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Industrial Ventilation Fan Chart

Helpful information from the ICAN Information Center: comparing the features of fans used in various types of industrial ventilation systems.

Centrifugal Axial
Radial Blade Forward Curved Backward Type Tube
Backward Inclined (BI) Backward Curved (BC) Backward Airfoil (BA)
Equipment Cost $$$ $$ $$$ $$$$ $$$$$ $$
Efficiency <50% 40-50% 50-70% 60-70% 60-80% <50%
Noise Level High Medium Low Low Very Low Very High
Susceptibility to Imbalance* Very Low High Medium Medium Medium High
Abrasion Resistance* High Low Medium Medium Low Medium
Non-Overloading?* No No Yes Yes Yes No
Typical Pressure Ranges WC 10-30 0-3 3-30 0-0.5
Typical Flow Ranges CFM 500-5000 3000-20,000 2000-50,000 2000-30,000
Cost of Operation (per CFM) $$$$ $$$$ $$$ $$$ $$ $$$$
Common Uses for Industrial Ventilation

Low Flow / High Pressure


Cyclone Inlet Fans

High Flow / Low Pressure


HVAC; Ambient Air Cleaners

Medium to High Flow / High to Medium Pressure


Central Ducted Systems; Cartridge Dust Collectors; Mist Collectors; Wet Dust Collectors; Bag Collectors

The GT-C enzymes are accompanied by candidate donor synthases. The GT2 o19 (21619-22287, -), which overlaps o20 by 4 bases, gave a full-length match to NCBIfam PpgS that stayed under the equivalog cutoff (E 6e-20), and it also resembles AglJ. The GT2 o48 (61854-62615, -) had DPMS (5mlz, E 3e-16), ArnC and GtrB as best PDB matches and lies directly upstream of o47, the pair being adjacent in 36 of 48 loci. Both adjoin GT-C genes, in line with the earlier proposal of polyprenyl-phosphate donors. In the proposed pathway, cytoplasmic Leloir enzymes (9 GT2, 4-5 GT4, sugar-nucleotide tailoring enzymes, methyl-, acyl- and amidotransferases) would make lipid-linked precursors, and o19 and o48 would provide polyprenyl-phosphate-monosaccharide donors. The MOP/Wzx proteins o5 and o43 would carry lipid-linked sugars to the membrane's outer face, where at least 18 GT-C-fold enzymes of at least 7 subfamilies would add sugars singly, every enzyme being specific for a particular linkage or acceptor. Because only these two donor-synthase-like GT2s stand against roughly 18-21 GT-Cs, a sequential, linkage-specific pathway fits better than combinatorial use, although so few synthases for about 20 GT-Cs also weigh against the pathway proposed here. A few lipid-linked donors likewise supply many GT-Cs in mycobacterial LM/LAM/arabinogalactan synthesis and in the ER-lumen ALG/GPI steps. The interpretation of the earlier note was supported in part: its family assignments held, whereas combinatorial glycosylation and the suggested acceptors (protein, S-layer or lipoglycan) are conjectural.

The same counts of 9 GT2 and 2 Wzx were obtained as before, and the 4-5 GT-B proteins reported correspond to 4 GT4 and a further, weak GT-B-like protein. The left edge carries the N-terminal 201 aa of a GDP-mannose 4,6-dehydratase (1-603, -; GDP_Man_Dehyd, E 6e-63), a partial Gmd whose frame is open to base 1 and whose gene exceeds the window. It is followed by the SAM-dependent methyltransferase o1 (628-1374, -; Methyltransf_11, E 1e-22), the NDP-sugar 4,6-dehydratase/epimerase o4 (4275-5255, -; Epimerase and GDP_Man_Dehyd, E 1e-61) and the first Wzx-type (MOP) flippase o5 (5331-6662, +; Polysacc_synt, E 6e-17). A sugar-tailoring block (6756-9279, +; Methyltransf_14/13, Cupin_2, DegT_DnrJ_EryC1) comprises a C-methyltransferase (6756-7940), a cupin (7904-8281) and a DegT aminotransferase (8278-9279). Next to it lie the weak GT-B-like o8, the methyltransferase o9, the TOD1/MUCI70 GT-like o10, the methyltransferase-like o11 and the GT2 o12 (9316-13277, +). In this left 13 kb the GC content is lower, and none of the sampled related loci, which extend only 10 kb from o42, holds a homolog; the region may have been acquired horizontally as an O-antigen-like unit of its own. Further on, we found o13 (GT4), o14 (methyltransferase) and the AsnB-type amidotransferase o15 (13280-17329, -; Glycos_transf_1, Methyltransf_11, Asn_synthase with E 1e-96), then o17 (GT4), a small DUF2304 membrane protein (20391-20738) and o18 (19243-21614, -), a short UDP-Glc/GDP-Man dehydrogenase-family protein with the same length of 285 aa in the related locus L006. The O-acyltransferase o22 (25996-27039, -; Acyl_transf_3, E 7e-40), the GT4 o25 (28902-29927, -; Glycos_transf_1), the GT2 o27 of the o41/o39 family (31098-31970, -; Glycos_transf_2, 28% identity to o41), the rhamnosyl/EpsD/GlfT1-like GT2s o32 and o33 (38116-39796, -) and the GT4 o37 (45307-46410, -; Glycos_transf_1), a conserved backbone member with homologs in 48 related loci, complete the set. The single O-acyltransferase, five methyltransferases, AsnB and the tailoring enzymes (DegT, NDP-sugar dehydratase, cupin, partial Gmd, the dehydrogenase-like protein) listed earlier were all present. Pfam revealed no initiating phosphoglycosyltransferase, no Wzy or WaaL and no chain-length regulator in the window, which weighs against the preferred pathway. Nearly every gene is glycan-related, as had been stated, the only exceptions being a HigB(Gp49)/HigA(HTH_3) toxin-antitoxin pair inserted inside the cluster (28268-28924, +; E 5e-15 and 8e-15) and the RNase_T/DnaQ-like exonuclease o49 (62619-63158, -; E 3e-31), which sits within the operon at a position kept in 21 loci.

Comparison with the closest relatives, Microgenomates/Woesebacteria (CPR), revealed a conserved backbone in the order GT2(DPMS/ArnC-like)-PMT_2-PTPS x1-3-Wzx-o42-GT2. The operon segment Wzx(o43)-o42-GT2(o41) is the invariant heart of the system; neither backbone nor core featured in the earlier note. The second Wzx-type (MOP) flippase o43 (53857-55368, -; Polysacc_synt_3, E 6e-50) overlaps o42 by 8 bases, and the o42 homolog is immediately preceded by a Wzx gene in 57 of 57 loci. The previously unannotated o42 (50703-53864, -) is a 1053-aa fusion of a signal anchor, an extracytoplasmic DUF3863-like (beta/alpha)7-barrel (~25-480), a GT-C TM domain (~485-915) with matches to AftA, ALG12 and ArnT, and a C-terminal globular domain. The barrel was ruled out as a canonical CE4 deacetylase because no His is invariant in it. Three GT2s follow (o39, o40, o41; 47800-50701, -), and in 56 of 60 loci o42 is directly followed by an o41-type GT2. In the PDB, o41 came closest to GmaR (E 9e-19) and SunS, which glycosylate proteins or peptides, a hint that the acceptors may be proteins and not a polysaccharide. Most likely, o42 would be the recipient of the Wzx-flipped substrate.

Very Low Pressure


Roof Exhausters; Kitchen Fans; Paint Booths


Susceptibility to Imbalance. When do fans become imbalanced, and why does it matter? Imbalance can occur when there is any kind of sticky material even in fairly clean air streams. The sticky material will stick to the fan blades and can cause the fan to become imbalanced. The result is that bearings can be damaged, mounting plates cracked, and bolts loosened, and the fan becomes very noisy. In addition, if the shaking collector is connected to precision manufacturing equipment, the equipment itself may begin to operate out of tolerance.

Abrasion Resistance. When and why does it matter? Whether a fan is abrasion resistant doesn't matter in a dust collector on the clean side, but if the fan is ever located on the dirty side, such as on the inlet of cyclone dust collectors, even small abrasive particles will wear fans out. So for material handling, radial blade fans are generally used because they have the highest abrasion resistance.

Overloading / Non-Overloading. When can fans overload the motor? Fans will tend to overload the motor when air cleaners do not have normal or expected restrictions in the airflow, except for backward inclined fans that do not overload whether the air flow is restricted or not. Air cleaners that have forward curved fans can actually fail if the air cleaner is operated without a filter, or while the cabinet is open, or when disconnected from its ducting. Thus fans that are overloading have to be carefully sized for the pressure range in which the air cleaner operates, or, on the one hand, the motor may be susceptible to becoming overloaded and failing, or, on the other hand, the motor may be oversized and use far more energy than necessary. Non-overloading, backward type fans, on the other hand, provide reliable performance over a broad range of pressures and flows.